President Yoweri Museveni has said that there is a forged document doing rounds on social media, authored by people hell bent on sectarianism and sedition.

“Since the name of the Rt. Hon. Mbabazi, my young brother, has been featuring, in some of these stories, I decided to invite him, together with the Rt. Hon. Ruhakana Rugunda, for a meeting 6pm today so that I ask him whether himself or people associated with him are involved in distributing of these seditious, sectarian documents. We are due to have that meeting in one hour or so,” Mr Museveni wrote.

Well, it is nice and interesting to learn that these two men can still meet to deliberate on matters of national importance. Indeed, while we applaud them for the apparent statesmanship exhibited, we cannot turn a blind eye to the authors of the said document; they need to be restrained because, if their actions are allowed to flourish, they will plunge the country in chaos with severe consequences.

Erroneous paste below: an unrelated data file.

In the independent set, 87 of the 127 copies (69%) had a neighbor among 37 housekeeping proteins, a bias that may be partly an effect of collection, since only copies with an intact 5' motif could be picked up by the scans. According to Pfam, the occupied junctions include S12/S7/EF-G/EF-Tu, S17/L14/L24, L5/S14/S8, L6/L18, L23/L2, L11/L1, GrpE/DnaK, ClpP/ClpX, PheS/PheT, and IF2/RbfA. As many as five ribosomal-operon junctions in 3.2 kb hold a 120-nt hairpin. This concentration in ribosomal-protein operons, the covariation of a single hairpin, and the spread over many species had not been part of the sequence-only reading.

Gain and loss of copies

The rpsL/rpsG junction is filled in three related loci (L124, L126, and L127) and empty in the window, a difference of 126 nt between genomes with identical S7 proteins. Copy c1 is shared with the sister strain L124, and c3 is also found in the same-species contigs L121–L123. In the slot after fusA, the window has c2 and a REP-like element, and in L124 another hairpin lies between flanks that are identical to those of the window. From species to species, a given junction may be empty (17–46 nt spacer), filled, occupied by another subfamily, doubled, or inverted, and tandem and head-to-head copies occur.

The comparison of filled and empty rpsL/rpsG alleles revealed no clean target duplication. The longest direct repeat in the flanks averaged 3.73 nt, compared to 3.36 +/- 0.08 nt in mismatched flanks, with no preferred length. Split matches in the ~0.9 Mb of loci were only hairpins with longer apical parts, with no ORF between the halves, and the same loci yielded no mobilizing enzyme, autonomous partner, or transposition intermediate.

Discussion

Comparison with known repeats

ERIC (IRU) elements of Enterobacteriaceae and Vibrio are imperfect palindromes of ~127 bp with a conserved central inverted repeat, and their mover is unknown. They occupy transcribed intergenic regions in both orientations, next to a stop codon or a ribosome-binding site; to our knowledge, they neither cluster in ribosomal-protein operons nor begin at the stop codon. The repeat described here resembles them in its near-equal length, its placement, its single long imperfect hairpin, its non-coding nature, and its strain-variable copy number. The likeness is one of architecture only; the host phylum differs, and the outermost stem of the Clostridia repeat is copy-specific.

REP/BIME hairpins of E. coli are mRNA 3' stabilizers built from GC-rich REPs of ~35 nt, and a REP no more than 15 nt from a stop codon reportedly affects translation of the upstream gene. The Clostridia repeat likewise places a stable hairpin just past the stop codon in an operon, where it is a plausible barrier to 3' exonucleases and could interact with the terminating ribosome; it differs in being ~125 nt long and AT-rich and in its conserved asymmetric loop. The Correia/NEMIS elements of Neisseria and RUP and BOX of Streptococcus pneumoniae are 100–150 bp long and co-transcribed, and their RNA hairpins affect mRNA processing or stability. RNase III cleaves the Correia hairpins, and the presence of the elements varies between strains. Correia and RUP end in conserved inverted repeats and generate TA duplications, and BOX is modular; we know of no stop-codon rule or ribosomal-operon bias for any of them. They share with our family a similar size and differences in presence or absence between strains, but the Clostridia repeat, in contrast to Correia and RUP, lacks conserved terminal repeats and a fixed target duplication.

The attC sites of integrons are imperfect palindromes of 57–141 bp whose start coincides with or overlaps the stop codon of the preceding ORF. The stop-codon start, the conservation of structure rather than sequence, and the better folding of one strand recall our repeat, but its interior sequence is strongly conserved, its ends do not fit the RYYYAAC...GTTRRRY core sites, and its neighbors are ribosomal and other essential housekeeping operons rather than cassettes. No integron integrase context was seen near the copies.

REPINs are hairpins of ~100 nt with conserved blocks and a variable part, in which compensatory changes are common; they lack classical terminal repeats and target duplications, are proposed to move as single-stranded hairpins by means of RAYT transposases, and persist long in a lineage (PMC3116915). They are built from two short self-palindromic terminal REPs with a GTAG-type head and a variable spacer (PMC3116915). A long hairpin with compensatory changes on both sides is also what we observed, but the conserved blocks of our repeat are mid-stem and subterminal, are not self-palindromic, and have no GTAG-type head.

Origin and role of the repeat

Encouraging discrimination or hatred against a person based on his tribe or any other dispensation is despicable and many communities world over have an anti-sectarian law on their legal books.

Uganda is no exception and has a law against sectarianism, first tabled before the National Resistance Council around 1986, when the National Resistance Movement (NRM) came to power.

At this time it was believed by the new NRM regime that the issue of tribes, political affiliation and religion had, like the proverbial knife, cut smoothly through the butter that was our society then.

The country needed healing and this law was deemed a panacea to achieving unity in diversification, after earlier regimes had sown the ‘seeds of destruction’.

But now, about 30 years later we are seeing traits of that backward thinking creeping in slowly, worst of all, on social media, a platform that has the effect of spreading like a wild bush fire.

So, as the country gears up for the elections next year, Ugandans should ensure they are not duped into acting irresponsibly by embracing sectarianism, an act which borders on disrupting an otherwise stable society.